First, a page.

These next contributions to the Letter.Box.Stamp.Collect. project are from writer Mitchell Welch. The pieces are called Greetings, Invention of the compass and Atomic model. Mitchell is currently working on a novel and completing a Master of Arts with a focus on the relationship between words and images. You can follow him on twitter.
Mitchell says about the pieces:
“While you occupy yourself with turning it around in every direction, it is the picture that turns you around like a letter, in advance it deciphers you, it preoccupies space, it procures your words and gestures, all the bodies that you believe you invent in order to determine its outline. You find yourself, you, yourself, on its path.”
– Jacques Derrida, The Post Card (1987)
These poems are the most circuitous members of a larger collection of experiments that I’ve been working on throughout my studies, a collection of postcards to myself. My research has been focused on charting the gulf between visual and written modes of communication, and each of these poems is an experiment in how the two representational modes function to produce meaning.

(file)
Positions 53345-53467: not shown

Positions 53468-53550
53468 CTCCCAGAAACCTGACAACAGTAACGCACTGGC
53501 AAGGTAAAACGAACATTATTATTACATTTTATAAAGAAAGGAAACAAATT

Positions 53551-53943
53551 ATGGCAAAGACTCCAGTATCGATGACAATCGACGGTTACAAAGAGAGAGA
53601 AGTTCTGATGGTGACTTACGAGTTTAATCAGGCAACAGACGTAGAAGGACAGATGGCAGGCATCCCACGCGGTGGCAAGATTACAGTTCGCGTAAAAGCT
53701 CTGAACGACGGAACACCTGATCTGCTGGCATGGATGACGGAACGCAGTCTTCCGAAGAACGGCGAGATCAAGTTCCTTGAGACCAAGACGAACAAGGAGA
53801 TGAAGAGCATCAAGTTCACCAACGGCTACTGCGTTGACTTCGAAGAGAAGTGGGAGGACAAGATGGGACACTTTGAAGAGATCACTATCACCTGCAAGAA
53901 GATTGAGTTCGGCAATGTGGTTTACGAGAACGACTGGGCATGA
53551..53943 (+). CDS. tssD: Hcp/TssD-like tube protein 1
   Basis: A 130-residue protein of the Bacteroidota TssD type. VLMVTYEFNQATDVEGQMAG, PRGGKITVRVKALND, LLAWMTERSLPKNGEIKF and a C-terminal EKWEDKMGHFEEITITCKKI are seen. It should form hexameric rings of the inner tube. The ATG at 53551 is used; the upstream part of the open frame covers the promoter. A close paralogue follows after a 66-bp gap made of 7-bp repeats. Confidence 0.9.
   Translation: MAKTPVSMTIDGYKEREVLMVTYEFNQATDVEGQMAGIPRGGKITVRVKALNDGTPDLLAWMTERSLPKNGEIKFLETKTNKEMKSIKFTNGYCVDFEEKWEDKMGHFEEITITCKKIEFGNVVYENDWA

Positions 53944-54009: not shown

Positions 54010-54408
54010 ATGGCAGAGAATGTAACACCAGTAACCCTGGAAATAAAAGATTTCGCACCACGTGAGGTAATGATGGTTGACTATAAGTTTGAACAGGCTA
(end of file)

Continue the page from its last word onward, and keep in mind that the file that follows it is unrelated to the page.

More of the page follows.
Invention of the Compass, for example, grew out of the implied motion of the helicopter, the form it took, the associations I made with the image I captured. The circular motion of the words has a somewhat didactic function in this example. Atomic Model, however, is based around a photo of the noonday sun as it approaches something utterly nuclear, and the shape of the poem hangs off the armature of the photo, but also owes it’s shape to the established visual language of the diagram. The words here are like broken records, banal and incomplete repetitions approaching something like pop lyrics. Set dressing for the nuclear apocalypse.
Greetings by Mitchell Welch
Invention of the compass by Mitchell Welch
Atomic model by Mitchell Welch